Cerrato resets quality checks to revive watch sales at HYT
Given that popular wisdom warns against introducing any liquid other than a drop of oil into a watch, news last year that HYT had filed for bankruptcy was not unexpected.
Founded in 2012, the quirky Swiss brand made watches that use a mechanical movement both to drive a minute hand in the conventional way and to mark the hours by pumping a fluorescent fluid through a system of capillary tubes.
But perhaps more surprising than this display is the fact that HYT has been resurrected less than a year after its demise – and the managing director is a man better known for creating retro-style watches than avant-garde watches. .
Davide Cerrato became one of the industry’s star designers, starting his millennium at Panerai before joining Tudor in 2005, where his successful Heritage Black Bay line led the brand’s revival in Europe and the United States.
A decade later, Cerrato became managing director of Montblanc’s watch division, revitalizing its lineup with new models that capitalized on the vintage aesthetic before leaving a year ago to “take on new professional challenges”.
The first fruit of those challenges appears this week in the form of HYT’s first next-generation watch, a titanium-cased model limited to 27 pieces priced at 70,000 Swiss francs ($76,500).
It’s the result of six months of intensive work to relaunch the company, which Cerrato says is new in everything but the name – and the fact that its watches still use liquid to tell the time.
“All activities of the previous business have ceased and a new company, Kairos Technology Switzerland, was established last June through a group of private investors who have set aside enough money to develop HYT over the next five years,” says Cerrato.
“Our first decision was to perform a full quality reset as this was an area where HYT had a number of issues in the past, particularly in terms of preventing the two fluids in the system from mix.
“We also want to improve the luxury and appeal of the brand – I think earlier models were more about the complexity of the technology than the enjoyment of wearing the watch, and later versions were priced too low to be serious collectors but where there were also too many competitors.
To this end, KTS is working with HYT’s former movement supplier, Purtec, where renowned master watchmakers Eric Coudray and Paul Clementi have developed a new hand-wound caliber to fit in a new case from specialist manufacturer Efteor.
“The case is of a three-layer modular design in DLC [diamond-like carbon] treated titanium, with a carbon fiber middle,” says Cerrato. “This means that it will be very easy to customize future models. This makes the watch much thinner than before and has reduced the overall weight making it more comfortable to wear.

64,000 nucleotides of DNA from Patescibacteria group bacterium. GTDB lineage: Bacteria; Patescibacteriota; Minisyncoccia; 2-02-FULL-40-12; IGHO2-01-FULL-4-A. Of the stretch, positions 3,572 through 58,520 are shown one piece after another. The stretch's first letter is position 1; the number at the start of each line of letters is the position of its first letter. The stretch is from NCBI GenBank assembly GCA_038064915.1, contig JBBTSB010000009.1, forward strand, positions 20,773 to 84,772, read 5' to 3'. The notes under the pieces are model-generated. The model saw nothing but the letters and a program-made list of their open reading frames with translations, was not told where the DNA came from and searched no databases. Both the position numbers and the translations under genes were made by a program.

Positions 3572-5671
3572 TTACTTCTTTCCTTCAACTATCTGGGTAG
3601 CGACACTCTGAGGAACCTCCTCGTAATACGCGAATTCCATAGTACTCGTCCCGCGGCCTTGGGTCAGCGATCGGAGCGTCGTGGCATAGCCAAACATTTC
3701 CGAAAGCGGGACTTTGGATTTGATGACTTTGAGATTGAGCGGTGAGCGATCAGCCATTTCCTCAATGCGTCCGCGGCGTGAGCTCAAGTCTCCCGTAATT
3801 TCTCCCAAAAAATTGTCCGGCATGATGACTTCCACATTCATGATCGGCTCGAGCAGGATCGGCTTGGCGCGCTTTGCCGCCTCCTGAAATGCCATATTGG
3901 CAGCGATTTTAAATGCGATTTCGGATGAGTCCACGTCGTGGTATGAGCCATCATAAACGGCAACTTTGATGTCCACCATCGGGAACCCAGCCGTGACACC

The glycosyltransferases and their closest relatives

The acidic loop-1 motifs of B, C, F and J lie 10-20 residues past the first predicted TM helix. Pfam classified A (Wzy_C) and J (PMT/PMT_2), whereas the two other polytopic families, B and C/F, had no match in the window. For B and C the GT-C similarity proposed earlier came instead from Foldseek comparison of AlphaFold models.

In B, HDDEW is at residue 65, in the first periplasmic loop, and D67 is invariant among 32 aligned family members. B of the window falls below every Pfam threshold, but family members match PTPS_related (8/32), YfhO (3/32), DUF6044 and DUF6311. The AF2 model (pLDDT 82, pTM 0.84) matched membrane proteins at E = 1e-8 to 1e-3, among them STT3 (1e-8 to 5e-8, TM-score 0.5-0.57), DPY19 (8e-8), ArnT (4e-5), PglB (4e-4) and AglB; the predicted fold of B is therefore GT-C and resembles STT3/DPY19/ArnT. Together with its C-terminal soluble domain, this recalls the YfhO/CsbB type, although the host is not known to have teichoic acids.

“We also worked a lot on readability. Previous HYTs suffered from a lot of reflection from the large sapphire crystal, so we have . . . place indexes around the capillaries that make it easier to read the time.
The basic principle of the original HYT remains the same. It still works by holding a colored liquid in one tank and a transparent liquid in the other, with each liquid having different characteristics to prevent mixing. Both reservoirs incorporate bellows which, driven by mechanical motion, push fluids in opposite directions around specially coated capillaries, which have a bore of just 0.8mm. When the colored liquid has made a complete circuit, its pump compresses, while the other bellows lengthens and pushes the liquid back so that the whole process can begin again.
It took more than a decade of research to perfect the original HYT liquid display, which was invented in 2002 by Swiss entrepreneur Lucien Vouillamoz. A sister company, Preciflex, was created to patent the system, and it remains the exclusive supplier of modules for the new generation watches.
“For me, the concept of liquid watches has always had meaning and although I became known for pushing the heritage trend, I always admired that HYT was one of the few watch brands that only looked forward. future,” says Cerrato. “The brand has enormous potential. It’s such a great mix of horology and creativity – there’s nothing else like it on the market and it’s something designers can have a lot of fun with because we’re very, very far from normal watchmaking.
Rob Corder, editor of WatchPro magazine, believes HYT is relaunching at the right time and, if the product is up to snuff, it could attract collectors looking for the “next thing” in independent watchmaking. “The market is expanding and smaller independents are seeing increasing success,” he says.
“HYT might appeal to more adventurous buyers simply because it offers such a different proposition to a regular watch.”
But, as the demise of the original HYT showed, it’s extremely difficult to get it right, says Cerrato. “As well as being sure that the liquids won’t mix or stick to the capillary tubes, we need to install a thermal compensator in one of the tiny bellows to account for temperature changes, because a fluid expands 1,000 times more than a solid,” he said. Remarks. “The fluidic module must be 10,000 times more waterproof than a diver’s watch.”
The reborn HYT is expected to manufacture no more than 200 watches in its first year to ensure quality, although it will unveil two more models this year.
Cerrato says owners of first-generation HYT watches will still be able to return them to KTS for repair, but anything left unsold at retailers will be repurchased by HYT and “dried up” to stabilize the second-hand market and pave the way for the new range.